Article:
The sky is threatening grey, the sun is barely shining through and the wind is hauling. PERFECT!
Who doesn’t like a challenge, who doesn’t seek out those tough conditions?
In the eyes and through the lens of a surf photographer things like wind, waves, rain and so many other factors of nature become the primary mood indicator of the day. In the few years I have been in fascination with the ocean, the one thing I have learnt is: Nature doesn’t like us.
Being a surf photographer means knowing and constantly studying things like: maps, radar images, winds, storms, locations, potential wave spots, currents, rips, climate, tides and most importantly: yourself, your gear and your limits. Being unprepared is the killer and there is nothing worse than spotting an obliviously, unprepared person walking into a situation he shouldn’t be getting him or herself into.
Always on the hunt for new angels, new style, new images, new something. In how many different ways can you capture the ocean? When is my job here complete? I don’t even ask myself that anymore. The ocean has an ever changing, infinite amount of inspiring shapes, curves and emotions to capture that will keep so many of us fascinated for our whole life and will have us running back for more, over and over again. We don’t have to come back – we need to.
Those days where everything comes together perfectly are few and far between. Some of us travel the world in the hunt of them – others are stuck to their local break, checking the charts every few days for a distant swell. All of us hoping for bigger, better, new shapes and curves to capture.
But when those days of perfection come around, those big swells hit, those off-shore winds blow. Those are the days you should see us at! Like headless chickens running down to the beaches checking for the best spots, searching for that perfect wave. Every un-shot wave is a waste! Who knows when the next perfect swell will come?! The pressure is on!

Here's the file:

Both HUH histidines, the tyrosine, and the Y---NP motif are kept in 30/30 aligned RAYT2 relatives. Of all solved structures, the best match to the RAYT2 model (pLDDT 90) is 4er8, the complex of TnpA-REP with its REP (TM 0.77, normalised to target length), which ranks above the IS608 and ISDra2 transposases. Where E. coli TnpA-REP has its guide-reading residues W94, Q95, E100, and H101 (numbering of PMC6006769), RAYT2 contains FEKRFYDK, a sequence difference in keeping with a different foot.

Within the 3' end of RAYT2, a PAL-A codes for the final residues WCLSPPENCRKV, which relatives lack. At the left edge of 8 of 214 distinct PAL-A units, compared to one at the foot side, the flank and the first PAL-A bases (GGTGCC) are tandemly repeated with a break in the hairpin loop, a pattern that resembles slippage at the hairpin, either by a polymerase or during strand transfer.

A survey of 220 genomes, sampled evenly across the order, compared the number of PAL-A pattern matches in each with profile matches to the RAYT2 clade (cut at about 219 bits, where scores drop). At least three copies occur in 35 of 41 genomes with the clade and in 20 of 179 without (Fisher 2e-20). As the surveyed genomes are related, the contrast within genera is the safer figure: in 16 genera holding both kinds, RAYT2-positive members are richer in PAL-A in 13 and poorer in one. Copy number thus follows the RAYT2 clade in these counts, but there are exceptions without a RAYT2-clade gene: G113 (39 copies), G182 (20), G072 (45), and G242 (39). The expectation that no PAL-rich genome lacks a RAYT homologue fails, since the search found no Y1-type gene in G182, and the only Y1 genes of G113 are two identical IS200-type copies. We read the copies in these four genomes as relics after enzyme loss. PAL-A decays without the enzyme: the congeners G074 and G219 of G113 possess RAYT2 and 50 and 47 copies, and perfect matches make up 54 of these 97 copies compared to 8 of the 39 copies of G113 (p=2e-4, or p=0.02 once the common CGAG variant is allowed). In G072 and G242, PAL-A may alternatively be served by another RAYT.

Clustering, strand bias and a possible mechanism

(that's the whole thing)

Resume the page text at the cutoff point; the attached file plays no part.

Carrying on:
So what make a good surf photographer these days?
I think it comes down to someone knowing what they are doing – or at least someone who is open to new experience. Regardless of the gear they use or the location the shoot at. If I’m not physically and mentally ready for what’s coming I should probably not be there. Don’t get me wrong, pushing your limits and going beyond them can be very rewarding, but going beyond your limits requires you to know them first.
And after this we all silently go back to our little, dark room, staring at a screen, edit what we shot and spend the coming weeks mostly on social media finding inspiration and new people to follow and talk to. Talk about what? About the next swell of course!
Being a surf photographer isn’t easy these days. Everyone wants a piece of the pie and it constantly seems like the pie is getting smaller by the minute. It’s a tough struggle and we all know it and fight for it. In the meantime the surf industry is trying to stay afloat by going mainstream and reaching out to the world. Surfing might lose it’s appeal due to an oversaturated, wave, barrel and surf filled media market and the consumers might turn their backs and find a new thing to be fascinated with. But in the end of the day we surf photographers will still be out there with our love and passion for the ocean: swimming, shooting, struggling.
The ocean is our only true subject.
All images are available as prints and more. Contact Chris for any questions or special enquires.